B.A.P.F.
L-des

Wappingers Falls, NY

#10 Jan 13, 2009
Actually we are DESCENDANTS from STOLEN AFRICANS.
Jeff M

Lenexa, KS

#11 Jan 13, 2009
Well, I appreciate your civil discussion points!

I certainly acknowledge that very bad things took place in this country regarding the quality of life and limitations of rights that black people have endured for many, many years. I can only imagine the power of the need to band together and heal as a group of people. So, it is not inconceivable that you might prefer to have your own distinct variant of the title, "American."

But my questioning of this separate classification of group title is that it kind of goes against my understanding of what the leaders of the civil rights movement were working so hard to do away with...the white-imposed idea of segregation...of "separate but equal." By placing the "African-" in front of American, it seems like establishing a certain degree of separation from America as a whole. So, what once was white-imposed is now black-imposed.

Is that a valid point, or am I way off base here? Don't grill me if I'm being ignorant. I am just trying to learn.:o)
Jeff M

Lenexa, KS

#12 Jan 13, 2009
OK, in reading some of your responses, it is becoming apparent that the term "African-American" was not so much created, nor perpetuated by Black people, but rather by the media and/or the government? See, I was not aware of that. I had always assumed that it was a pride thing and promoted by black people.
Mixed Zimbabwean

Leeds, UK

#13 Jan 14, 2009
King Goku Xlll wrote:
<quoted text>
One of the reason is African Americans want to identify with our African heritage. The other reason is, African Americans wasn't even treated like American citizens just 40 years ago. Maybe if America wasn't so racist/segregated in the past and still happening today, people wouldn't need to hypenate American.
Well said I dont what the fuss is about and how can the term 'African American be divisive that is a load of bull in the UK this would not even be an issue. Blacks are African americans becuase that is where their roots lay IN AFRICA.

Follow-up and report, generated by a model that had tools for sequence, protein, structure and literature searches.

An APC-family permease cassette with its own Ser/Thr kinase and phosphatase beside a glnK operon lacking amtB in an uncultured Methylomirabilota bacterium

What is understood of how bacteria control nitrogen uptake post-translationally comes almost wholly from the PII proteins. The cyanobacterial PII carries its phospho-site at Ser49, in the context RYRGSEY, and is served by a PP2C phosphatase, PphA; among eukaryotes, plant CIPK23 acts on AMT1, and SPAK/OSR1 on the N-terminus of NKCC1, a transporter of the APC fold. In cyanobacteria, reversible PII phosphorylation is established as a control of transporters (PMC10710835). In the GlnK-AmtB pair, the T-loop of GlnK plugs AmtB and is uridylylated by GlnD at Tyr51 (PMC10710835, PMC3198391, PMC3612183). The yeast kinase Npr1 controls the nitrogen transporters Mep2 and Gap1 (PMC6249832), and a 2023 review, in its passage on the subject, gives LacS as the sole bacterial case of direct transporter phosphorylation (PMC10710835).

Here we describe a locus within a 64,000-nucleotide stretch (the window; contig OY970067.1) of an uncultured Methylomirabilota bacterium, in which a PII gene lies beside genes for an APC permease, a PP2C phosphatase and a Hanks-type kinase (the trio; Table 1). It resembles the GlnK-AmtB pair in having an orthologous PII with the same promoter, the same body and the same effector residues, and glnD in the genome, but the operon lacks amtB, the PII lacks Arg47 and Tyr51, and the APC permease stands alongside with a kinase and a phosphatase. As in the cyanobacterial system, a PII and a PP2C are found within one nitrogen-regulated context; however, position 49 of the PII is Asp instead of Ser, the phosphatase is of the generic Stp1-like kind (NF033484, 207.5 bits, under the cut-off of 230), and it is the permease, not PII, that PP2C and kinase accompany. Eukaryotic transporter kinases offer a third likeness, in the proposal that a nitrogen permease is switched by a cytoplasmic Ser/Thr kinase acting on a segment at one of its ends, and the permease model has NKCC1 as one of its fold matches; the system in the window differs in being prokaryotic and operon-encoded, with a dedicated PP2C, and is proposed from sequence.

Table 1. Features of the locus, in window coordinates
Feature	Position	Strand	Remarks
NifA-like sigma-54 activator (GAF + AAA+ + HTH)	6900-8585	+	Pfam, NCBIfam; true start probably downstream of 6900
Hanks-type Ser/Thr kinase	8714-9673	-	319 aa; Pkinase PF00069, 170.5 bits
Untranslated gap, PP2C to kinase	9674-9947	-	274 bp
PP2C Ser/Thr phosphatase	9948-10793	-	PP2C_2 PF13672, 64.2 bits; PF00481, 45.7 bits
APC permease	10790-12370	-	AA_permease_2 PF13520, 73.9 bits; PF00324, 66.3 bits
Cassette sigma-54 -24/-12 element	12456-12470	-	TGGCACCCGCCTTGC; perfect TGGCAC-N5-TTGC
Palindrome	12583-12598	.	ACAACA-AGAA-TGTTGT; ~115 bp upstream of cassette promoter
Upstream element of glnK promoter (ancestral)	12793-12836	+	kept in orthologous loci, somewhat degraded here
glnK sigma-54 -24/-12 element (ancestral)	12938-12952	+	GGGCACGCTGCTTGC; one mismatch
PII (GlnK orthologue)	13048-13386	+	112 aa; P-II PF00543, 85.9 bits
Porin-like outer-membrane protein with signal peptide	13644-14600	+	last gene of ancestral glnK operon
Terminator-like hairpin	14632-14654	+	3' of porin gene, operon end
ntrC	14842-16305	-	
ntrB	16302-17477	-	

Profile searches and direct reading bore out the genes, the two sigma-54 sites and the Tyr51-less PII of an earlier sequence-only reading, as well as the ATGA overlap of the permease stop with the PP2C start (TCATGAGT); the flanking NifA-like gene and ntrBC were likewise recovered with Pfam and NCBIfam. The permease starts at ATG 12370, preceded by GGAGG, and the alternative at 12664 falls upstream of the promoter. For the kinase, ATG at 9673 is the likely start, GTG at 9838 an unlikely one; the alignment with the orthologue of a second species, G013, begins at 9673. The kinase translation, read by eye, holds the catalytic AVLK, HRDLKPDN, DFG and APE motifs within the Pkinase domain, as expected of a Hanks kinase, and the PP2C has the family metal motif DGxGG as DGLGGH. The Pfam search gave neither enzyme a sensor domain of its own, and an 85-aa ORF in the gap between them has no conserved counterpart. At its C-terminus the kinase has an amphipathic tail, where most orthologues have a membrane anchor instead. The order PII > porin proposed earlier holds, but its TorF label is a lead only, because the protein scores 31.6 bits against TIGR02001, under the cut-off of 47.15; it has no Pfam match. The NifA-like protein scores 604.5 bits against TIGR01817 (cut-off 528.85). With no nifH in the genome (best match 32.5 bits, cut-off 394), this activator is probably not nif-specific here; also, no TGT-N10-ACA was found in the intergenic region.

I know about the Jim Crow laws and like you said, many if not most whites did not even see black people as real Americans.
Jeff M

Fort Worth, TX

#14 Jan 14, 2009
Mixed Zimbabwean wrote:
<quoted text>
...how can the term 'African American be divisive? Blacks are African americans becuase that is where their roots lay IN AFRICA.
It feels divisive to me, because it implies that Black people are more focused on where they came from, centuries ago, than what country they live in here and now, hundreds of years and many generations later. As mentioned, I consider myself an "American" plain and simple. I feel no need to call myself a Scottish-American or a French-American or any other special designation of American. I don't personally know any of my ancestors who came from there, nor did my parents or their parents. I was born in America therefore I am an American. I guess my point is that it can kind of come off as they are ashamed to be considered an American and therefore require the special disclaimer. That is why I consider it somewhat divisive.
SueMe

Philadelphia, PA

#15 Jan 14, 2009
Jeff M wrote:
Very well said, SueMe. That is what life SHOULD be about. I am of no religious denomination, despite going to 12 years of Catholic school. When asked what my religion is, i tell people that I belong to the "Church of be a good person." :o)
Thanks for sharing your view and not assuming this was racist-driven.:o)
Well thanks Jeff, and I honestly didn't see it as racist. I feel it was a good topic to bring up, because there are definately many unanswered questions about blacks in America. Im glad you seem to have faith in God too...he should always be first and foremost. I love God.

Level 1

Since: Nov 08

United States

#16 Jan 14, 2009
Jeff M wrote:
<quoted text> It feels divisive to me, because it implies that Black people are more focused on where they came from, centuries ago, than what country they live in here and now, hundreds of years and many generations later. As mentioned, I consider myself an "American" plain and simple. I feel no need to call myself a Scottish-American or a French-American or any other special designation of American. I don't personally know any of my ancestors who came from there, nor did my parents or their parents. I was born in America therefore I am an American. I guess my point is that it can kind of come off as they are ashamed to be considered an American and therefore require the special disclaimer. That is why I consider it somewhat divisive.
I think your discussion so far has been well received and your points valid. Like you, I just don't get it. Many times I've heard the argument that some white people call themselves German American or Italian American and that African American is the same thing. Actually it is not. Those white people mention the country of their heritage, not the continent of their heritage.

I have a friend who is African American. He is as white as you can be, blonde haired and blue eyed. He was born in Africa and lived there until he was 20 years old.
SueMe

Philadelphia, PA

#17 Jan 14, 2009